Now that I return to dance after many years off stage, the filmmaker’s eye helps me look at it with a more dramaturgical focus. Even when I look just at the movement, I ask myself, "Why is that movement there?" Mostly, I keep my film work separate. But In Magdalena, everything comes together.

Gabri Christa; Photo by: Briana Blasko

Dance can be an important tool for conveying emotion that can't be expressed in its fully  through words. How do you come up with the movement vocabulary to express the depth of grief/ sorrow/ frustration wrapped up in your mother's journey with dementia?

GC: There is a section in Magdalena about beginning to lose your head.  In it I literally move from my head. Not sure how it comes across, but that is how I could embody and convey the heaviness of it all. Another section became about both losing balance and losing the way. That originated from observing my mom over the long years we've been dealing with this. There is  text that goes with this section, a piece of writing that originated from a recorded conversation with my girlfriend in Miami. I dance while the conversation goes on. I couldn't tell that story only in words.

What does it feel like to make (and share) work that is so personal? Is it vulnerable? Or perhaps even liberating?

GC: Mostly, it was an incredible journey into compassion and understanding of both my mother and her condition. I truly know now that art can create understanding. Sharing this personal work is not emotional for me although some of the writing indeed was.

I also used letters my mother wrote when she could still write well. Those letters were answers to specific questions that I sent her years ago when I realized her memory was going. They forced me to look at my mother and her life in a way I had not done before. I realized how hard this must have been for her. She must have been aware that something was going on.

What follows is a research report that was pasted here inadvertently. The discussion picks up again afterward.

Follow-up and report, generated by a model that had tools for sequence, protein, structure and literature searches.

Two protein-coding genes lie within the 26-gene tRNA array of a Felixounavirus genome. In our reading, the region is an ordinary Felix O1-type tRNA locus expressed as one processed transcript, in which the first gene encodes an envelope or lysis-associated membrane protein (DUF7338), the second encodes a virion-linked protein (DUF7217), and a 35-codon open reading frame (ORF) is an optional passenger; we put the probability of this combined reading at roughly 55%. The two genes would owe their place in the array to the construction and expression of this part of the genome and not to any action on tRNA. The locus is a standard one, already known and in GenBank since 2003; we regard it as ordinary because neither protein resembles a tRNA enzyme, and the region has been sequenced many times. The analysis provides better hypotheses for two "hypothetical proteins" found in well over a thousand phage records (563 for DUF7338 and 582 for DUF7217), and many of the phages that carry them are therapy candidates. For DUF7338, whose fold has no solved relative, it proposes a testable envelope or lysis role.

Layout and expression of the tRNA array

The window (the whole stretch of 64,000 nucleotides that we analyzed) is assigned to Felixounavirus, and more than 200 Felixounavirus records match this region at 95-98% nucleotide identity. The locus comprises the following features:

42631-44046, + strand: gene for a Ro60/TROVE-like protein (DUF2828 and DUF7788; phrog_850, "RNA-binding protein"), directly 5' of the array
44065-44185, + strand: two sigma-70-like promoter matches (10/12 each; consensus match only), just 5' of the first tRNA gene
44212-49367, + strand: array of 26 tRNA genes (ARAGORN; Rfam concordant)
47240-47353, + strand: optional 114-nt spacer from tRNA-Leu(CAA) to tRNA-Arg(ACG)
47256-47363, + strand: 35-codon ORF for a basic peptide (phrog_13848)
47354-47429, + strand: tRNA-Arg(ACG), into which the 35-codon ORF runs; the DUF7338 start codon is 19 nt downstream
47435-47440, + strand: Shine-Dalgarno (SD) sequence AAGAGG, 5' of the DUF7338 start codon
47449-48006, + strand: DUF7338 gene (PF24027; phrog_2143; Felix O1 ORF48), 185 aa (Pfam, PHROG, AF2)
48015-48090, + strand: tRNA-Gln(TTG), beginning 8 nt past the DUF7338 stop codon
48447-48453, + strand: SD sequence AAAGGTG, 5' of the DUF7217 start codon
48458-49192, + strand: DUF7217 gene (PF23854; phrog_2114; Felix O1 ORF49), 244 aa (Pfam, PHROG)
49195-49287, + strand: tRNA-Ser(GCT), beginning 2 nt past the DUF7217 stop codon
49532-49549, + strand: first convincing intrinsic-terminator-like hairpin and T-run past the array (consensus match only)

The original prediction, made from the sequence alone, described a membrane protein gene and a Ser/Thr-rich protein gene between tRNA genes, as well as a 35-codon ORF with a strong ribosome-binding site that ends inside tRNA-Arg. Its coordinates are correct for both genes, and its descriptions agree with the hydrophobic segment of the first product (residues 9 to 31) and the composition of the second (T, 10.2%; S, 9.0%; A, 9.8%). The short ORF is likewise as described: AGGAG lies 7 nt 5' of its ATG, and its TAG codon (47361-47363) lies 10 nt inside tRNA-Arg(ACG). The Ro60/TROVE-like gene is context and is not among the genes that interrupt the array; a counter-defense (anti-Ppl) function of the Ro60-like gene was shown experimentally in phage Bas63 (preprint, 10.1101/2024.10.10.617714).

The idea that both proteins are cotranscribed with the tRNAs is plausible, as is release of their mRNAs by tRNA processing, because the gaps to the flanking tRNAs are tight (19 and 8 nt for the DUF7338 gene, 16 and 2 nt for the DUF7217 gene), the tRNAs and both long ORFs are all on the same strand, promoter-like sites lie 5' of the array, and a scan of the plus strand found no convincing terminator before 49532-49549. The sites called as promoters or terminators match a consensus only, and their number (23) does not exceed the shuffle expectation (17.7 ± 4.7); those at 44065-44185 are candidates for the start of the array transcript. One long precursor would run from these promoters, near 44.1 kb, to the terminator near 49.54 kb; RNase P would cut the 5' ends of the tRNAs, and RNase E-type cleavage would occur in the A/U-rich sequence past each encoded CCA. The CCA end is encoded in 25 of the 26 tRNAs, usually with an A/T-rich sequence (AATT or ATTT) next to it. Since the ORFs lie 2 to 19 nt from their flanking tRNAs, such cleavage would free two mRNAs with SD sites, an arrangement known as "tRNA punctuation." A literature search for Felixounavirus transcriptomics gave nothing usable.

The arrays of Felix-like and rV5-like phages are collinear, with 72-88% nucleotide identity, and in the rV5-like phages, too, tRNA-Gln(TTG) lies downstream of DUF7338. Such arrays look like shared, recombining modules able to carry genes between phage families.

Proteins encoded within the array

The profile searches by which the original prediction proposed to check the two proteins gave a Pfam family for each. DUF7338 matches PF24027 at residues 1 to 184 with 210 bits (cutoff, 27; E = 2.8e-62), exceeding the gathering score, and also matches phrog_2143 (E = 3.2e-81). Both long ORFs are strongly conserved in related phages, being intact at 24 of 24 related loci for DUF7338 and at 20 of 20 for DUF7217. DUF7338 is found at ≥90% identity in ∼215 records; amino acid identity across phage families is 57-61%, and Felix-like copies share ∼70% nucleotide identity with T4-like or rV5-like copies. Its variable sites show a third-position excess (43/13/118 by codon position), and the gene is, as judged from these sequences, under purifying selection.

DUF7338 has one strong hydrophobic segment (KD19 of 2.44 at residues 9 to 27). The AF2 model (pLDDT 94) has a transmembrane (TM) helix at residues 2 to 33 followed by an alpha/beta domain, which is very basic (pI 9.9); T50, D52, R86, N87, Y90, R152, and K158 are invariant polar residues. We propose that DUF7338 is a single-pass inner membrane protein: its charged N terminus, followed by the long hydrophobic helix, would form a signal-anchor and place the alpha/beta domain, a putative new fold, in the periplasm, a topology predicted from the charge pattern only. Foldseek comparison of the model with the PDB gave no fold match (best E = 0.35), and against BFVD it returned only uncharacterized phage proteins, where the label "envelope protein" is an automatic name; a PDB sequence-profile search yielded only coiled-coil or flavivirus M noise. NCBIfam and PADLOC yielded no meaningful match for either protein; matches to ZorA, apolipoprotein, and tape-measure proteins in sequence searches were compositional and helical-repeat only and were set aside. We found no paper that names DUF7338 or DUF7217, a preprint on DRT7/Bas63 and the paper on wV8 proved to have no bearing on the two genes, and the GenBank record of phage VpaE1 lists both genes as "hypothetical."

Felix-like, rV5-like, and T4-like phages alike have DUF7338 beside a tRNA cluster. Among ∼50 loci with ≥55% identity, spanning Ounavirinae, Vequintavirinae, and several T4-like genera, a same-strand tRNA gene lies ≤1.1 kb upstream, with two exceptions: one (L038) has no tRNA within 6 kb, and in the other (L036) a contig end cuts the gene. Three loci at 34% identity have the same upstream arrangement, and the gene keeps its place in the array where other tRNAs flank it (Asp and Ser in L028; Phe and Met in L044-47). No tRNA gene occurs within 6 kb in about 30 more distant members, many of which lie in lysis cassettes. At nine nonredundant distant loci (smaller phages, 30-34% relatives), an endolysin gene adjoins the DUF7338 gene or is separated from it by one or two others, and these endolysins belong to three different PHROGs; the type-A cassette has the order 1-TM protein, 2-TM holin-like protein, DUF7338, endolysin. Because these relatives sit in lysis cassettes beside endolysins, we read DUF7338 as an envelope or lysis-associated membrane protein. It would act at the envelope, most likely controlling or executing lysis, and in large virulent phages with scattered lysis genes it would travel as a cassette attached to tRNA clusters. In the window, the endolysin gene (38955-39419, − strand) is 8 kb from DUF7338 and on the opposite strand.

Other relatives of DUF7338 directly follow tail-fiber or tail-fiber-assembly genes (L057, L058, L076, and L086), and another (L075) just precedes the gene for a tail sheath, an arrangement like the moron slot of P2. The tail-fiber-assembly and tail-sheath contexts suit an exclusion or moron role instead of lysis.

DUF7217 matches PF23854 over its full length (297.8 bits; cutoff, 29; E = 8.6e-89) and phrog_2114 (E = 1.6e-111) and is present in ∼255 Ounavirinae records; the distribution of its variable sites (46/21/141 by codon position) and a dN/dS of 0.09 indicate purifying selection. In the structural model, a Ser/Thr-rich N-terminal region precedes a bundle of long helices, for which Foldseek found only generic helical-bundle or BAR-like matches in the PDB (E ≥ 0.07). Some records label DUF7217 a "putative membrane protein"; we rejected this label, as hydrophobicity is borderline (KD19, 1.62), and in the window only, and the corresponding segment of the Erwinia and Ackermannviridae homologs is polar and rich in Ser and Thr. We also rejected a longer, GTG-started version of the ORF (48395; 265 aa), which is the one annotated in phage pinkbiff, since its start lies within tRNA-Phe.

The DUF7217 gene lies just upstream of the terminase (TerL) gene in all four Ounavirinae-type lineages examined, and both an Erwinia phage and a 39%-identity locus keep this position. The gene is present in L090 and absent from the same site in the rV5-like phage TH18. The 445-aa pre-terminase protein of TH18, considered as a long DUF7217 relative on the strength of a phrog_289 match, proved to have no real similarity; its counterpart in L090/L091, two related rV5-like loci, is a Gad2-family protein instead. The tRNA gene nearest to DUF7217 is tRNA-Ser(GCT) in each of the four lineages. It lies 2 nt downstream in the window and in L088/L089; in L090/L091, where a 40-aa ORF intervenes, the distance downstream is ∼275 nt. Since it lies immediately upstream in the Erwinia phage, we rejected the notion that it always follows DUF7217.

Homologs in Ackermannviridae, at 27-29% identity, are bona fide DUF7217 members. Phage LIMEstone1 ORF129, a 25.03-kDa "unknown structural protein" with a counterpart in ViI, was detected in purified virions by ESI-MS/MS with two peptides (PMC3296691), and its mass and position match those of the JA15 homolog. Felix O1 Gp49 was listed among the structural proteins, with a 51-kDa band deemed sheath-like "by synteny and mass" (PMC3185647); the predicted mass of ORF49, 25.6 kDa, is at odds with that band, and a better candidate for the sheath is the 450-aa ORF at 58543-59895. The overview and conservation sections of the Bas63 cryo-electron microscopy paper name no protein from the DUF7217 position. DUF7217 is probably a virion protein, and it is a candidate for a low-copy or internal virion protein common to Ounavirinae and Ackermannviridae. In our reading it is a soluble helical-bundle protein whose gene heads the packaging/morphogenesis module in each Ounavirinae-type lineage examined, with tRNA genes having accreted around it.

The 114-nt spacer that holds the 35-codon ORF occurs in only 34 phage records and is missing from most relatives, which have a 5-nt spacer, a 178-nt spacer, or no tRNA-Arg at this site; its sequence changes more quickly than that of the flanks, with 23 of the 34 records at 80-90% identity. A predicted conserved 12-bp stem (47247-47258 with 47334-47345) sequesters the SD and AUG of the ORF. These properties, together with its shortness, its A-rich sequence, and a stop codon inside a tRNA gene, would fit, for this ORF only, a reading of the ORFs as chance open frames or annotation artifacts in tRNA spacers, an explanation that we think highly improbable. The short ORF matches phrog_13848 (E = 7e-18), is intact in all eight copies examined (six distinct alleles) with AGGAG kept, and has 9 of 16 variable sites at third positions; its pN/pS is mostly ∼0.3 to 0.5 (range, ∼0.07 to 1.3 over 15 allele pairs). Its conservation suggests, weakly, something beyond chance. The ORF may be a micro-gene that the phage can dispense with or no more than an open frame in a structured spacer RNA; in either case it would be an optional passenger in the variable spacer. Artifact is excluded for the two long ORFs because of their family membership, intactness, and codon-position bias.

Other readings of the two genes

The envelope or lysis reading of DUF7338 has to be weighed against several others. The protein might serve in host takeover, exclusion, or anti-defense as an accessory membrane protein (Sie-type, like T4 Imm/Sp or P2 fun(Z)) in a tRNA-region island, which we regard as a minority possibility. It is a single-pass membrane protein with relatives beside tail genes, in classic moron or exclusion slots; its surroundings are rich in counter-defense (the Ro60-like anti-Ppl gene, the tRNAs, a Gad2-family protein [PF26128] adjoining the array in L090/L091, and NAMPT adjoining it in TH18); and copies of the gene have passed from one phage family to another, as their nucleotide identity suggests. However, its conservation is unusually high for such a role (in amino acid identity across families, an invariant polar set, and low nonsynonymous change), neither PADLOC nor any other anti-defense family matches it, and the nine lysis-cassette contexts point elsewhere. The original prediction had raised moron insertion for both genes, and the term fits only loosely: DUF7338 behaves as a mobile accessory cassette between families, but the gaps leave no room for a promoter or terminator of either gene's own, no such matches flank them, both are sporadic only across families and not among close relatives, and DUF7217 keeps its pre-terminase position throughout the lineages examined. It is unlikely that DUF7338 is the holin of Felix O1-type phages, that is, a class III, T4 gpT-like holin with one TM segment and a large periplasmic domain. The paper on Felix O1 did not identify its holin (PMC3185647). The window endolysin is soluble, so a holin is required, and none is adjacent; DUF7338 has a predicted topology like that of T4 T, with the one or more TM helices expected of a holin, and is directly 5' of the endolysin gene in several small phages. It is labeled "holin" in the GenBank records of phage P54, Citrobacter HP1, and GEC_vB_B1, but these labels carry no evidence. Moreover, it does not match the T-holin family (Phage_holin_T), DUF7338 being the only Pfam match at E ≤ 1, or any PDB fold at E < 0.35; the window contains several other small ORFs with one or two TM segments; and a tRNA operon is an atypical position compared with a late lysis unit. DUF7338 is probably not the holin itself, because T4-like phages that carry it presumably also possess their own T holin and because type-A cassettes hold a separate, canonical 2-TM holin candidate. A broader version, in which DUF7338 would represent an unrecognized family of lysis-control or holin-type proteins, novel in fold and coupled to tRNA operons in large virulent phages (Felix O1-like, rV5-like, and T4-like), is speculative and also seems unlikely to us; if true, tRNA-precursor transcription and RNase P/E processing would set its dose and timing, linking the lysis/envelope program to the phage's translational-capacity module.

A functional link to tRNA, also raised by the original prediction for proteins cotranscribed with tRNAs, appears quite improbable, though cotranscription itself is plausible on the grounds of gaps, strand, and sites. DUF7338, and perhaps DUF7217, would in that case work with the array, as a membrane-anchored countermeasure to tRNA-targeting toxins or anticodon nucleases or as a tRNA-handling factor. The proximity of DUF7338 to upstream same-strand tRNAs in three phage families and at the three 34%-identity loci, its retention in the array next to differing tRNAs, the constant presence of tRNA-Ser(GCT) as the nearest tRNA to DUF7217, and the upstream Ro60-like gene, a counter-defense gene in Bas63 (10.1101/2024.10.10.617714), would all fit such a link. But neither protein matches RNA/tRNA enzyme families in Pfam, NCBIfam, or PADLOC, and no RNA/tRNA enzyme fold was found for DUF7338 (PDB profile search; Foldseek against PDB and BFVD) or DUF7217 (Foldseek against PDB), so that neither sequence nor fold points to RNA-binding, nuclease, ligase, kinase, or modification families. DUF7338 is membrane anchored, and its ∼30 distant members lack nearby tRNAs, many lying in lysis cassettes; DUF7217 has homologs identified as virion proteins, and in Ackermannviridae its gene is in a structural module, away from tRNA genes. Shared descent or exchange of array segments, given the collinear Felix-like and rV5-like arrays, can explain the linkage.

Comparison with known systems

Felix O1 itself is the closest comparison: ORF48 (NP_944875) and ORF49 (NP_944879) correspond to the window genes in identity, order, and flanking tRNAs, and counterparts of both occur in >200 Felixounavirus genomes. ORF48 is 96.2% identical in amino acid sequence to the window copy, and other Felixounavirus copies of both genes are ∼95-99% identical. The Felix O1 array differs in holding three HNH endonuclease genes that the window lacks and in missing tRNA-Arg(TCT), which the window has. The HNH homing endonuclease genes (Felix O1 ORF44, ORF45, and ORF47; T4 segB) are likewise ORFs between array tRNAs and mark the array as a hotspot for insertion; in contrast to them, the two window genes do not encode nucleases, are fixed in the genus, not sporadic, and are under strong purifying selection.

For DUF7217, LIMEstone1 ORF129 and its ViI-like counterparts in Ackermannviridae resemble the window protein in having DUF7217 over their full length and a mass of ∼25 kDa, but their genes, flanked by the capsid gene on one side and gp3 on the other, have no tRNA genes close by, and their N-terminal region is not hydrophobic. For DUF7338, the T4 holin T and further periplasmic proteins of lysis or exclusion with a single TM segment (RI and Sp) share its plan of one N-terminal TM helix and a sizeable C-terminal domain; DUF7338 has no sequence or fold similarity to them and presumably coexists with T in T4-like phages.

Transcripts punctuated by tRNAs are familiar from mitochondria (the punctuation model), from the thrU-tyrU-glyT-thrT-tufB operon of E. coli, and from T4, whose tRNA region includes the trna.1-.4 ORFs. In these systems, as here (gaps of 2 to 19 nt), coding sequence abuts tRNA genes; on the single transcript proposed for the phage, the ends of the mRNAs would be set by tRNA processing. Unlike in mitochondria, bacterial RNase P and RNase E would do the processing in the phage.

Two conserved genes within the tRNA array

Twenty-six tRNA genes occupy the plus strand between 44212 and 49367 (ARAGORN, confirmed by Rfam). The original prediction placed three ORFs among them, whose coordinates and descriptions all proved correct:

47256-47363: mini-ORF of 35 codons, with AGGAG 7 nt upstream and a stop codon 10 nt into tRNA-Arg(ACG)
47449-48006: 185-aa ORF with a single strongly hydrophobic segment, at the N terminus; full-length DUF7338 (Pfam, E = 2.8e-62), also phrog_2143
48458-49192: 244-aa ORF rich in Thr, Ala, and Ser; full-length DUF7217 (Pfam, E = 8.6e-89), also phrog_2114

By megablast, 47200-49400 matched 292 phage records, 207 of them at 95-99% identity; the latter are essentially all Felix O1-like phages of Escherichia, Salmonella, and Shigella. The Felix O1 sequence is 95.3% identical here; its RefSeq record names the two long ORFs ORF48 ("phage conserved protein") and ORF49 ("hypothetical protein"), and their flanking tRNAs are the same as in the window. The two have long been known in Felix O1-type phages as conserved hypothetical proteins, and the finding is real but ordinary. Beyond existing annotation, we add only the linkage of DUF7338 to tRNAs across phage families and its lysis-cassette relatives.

This understanding truly helps me be there for her now, to hold on to who she was and to just love this person. Telling her story keeps some part of her alive: a part that I don't see anymore. I also think it gives her dignity.

It's a very slow goodbye, but the love remains.

A still shot of Gabri Christa's mother from Christa's film "Magdalena" 

Is there anything specific that you're hoping to share about dementia through this work? Anything you hope the audience will take away?

GC:I made this work to talk about dementia. I knew nothing about the disease, and I had no one to talk to about it during this years—long process with my mother. It was an isolating time. I just thought my mother was having a crisis, and so did many people around me. None of us realized what was happening. Now I know that people don't really want to talk about it, especially not among the Caribbean families. My mother-in-law would just say, "we have to pray". I am all for praying, but we also need to discuss this and we need support.

As is the case with any serious brain condition, people are scared to talk about or face it. But in another twenty years, each and every one of us will have someone close to them who has dementia. We will become caregivers, or we might suffer from a form of dementia ourselves. I really want to hold space for others to talk about this — maybe just by starting to listen and tell stories, or to dance about our loved ones.

Sometime personal stories are universal. I hope this one is.